Are brands trying too hard to connect with Generation Y?

Brands are ditching their traditional marketing methods and exploring new modern marketing tools to connect with customers. Creative agencies have started responding to the new wave of digital distraction by changing their business modules. While some are failing dismally at adapting, we have seen many succeed and come up with innovative ways of engaging with their customers.

Research shows that millennials are the world’s most powerful consumers – which explains why brands are looking more actively into youth culture.
By being a part of the culture, they deepen their relevance and connection with customers. Unfortunately, millennials, also known as Generation Y are not easily impressed. They are a pretty tough crowd – they are smart, digitally savvy, informed and want brands to do more than sell them products.

Gen Y wants brands to start tapping into the culture buzzing around them. They want brands and agencies to be more creative, curate engaging and relevant content and take a stand on social issues. For some odd reason, the very same brands and creative agencies think the best way to achieve some of the above mentioned is by partnering with influencers.

Lucky Star, Handy Andy, Stylin’ Dredz, Crocs and Kiwi all set on engaging and connecting with the young market by partnering with creatives and influencers for their campaigns – but is it working?

Handy Andy

Handy Andy launched its #HelloBeautiful campaign by inviting 20 of the country’s top content creators on a journey through some of #CapeTowns most sparkling and beautiful locations. Karabo Poppy, Kwena Baloyi, Russell Abrahams and Palesa Kgasane were some of the content creators chosen for the campaign. Throughout the Inspowalk, all guests were presented a number of #HelloBeautiful Challenges through which they had to capture and reveal the beautiful world of #HandyAndy. The collaboration between the brand and the influencers didn’t make sense, but we look forward to seeing where this leads to.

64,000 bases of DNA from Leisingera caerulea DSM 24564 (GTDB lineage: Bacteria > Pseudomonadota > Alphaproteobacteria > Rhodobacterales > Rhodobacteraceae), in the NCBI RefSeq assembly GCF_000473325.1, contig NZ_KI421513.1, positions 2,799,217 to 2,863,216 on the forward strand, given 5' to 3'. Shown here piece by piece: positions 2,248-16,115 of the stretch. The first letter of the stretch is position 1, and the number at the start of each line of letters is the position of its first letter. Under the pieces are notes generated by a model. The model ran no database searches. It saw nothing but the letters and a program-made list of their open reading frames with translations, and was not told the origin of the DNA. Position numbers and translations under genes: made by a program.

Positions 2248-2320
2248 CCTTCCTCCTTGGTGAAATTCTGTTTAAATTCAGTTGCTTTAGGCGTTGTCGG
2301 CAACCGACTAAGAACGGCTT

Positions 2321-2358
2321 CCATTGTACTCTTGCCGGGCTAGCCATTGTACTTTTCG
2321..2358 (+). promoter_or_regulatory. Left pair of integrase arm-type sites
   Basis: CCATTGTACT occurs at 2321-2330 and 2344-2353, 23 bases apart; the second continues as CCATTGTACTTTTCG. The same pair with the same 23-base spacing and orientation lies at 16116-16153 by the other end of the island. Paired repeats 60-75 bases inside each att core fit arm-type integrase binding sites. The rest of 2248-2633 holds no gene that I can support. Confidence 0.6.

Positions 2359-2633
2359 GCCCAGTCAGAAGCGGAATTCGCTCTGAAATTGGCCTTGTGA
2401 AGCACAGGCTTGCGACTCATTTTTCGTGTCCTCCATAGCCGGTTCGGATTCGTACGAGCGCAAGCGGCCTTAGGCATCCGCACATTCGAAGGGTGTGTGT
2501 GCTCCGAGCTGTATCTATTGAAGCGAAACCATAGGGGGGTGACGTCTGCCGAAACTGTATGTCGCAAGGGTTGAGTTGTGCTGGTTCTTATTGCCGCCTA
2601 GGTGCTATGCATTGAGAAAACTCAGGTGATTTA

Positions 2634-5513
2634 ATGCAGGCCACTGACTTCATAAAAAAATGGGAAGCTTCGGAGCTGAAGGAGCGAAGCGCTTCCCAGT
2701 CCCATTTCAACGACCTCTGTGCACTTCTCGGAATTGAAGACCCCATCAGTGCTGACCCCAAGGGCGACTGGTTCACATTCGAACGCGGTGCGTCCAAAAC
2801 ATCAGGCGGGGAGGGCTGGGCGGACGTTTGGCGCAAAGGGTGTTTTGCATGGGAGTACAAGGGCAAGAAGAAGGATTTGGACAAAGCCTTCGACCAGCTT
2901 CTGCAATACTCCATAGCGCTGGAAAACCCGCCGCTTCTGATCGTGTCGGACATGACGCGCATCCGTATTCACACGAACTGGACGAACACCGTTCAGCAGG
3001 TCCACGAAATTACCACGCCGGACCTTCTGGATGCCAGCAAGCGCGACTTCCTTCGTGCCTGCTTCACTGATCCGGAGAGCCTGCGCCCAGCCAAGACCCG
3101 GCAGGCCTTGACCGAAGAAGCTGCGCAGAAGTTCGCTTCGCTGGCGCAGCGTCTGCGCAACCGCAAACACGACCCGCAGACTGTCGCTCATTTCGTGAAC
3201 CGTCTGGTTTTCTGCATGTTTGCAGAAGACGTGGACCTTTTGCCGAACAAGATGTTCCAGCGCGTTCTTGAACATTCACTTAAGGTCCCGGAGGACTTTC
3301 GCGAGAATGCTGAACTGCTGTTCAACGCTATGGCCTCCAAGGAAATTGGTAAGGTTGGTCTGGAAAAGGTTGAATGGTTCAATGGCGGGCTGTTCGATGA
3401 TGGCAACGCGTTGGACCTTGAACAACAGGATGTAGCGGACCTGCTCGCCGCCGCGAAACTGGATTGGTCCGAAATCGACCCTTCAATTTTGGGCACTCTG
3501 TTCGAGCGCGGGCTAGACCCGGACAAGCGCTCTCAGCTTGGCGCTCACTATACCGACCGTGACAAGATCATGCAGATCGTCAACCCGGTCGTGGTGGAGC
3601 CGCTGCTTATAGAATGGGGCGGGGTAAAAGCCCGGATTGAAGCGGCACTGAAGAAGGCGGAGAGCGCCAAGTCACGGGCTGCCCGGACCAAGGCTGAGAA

Crocs were recently re-designed and given a new look, stepping away from the common phrases used to describe the shoes around the world. In May 2019, CROCSXWANDA was launched; a collaboration between the well-known brand and local designer Wanda Lephoto. According to Lephoto, the collaboration attributed to the increase in sales numbers. At first, this partnership came as a surprise to most people, mainly because Crocs has always been dubbed as the uncool brand for old people.

In more recent news, the Yeezy Mafia gave us a preview of the new Yeezy Foam Runners. The one-piece slip ons look very similar to Crocs, as a matter of fact, tweeps have started calling them Yeezy Crocs. Although Kanye West is not working with the brand on the new Yeezy Foam Runners, we can’t help but wonder if the rapper’s design was inspired by Crocs shoes. In conclusion, we think the Crocs marketing team is doing something right.


Stylin’ Dredz

Stylin’ Dredz’s Creative Conquerors campaign celebrated the essence of what Stylin’ Dredz stands for by partnering with six young artists who are rebellious, expressive, unique and do not conform to social norms. The six creatives namely; Leeroy Jason, David Tshabalala, DJ Doowap, Lady X, Oscar Ncube, and Lufuno Sathekge all had an exhibition in town showcasing their lives as dreadlocked unconventional creatives. Did the collaboration work? We don’t know but Stylin’ Dredz did what had to be done at the time to tap into the creative scene.

Lucky Star

Lucky Star launched their #MyFirstCampaign by partnering with influencers such as up and coming producer and rapper, Luna Florentino. They ran a number of competitions online, in one of the competitions, they asked customers to share their first pap making stories. Cringefest!

Kiwi Shoe Polish

To maximise online presence and position themselves as the best polish for sneakers, Kiwi has partnered with sneakerheads and sneaker designers for their #WalkWithPride Campaign. The collaboration with LootLove doesn’t feel forced, it works.

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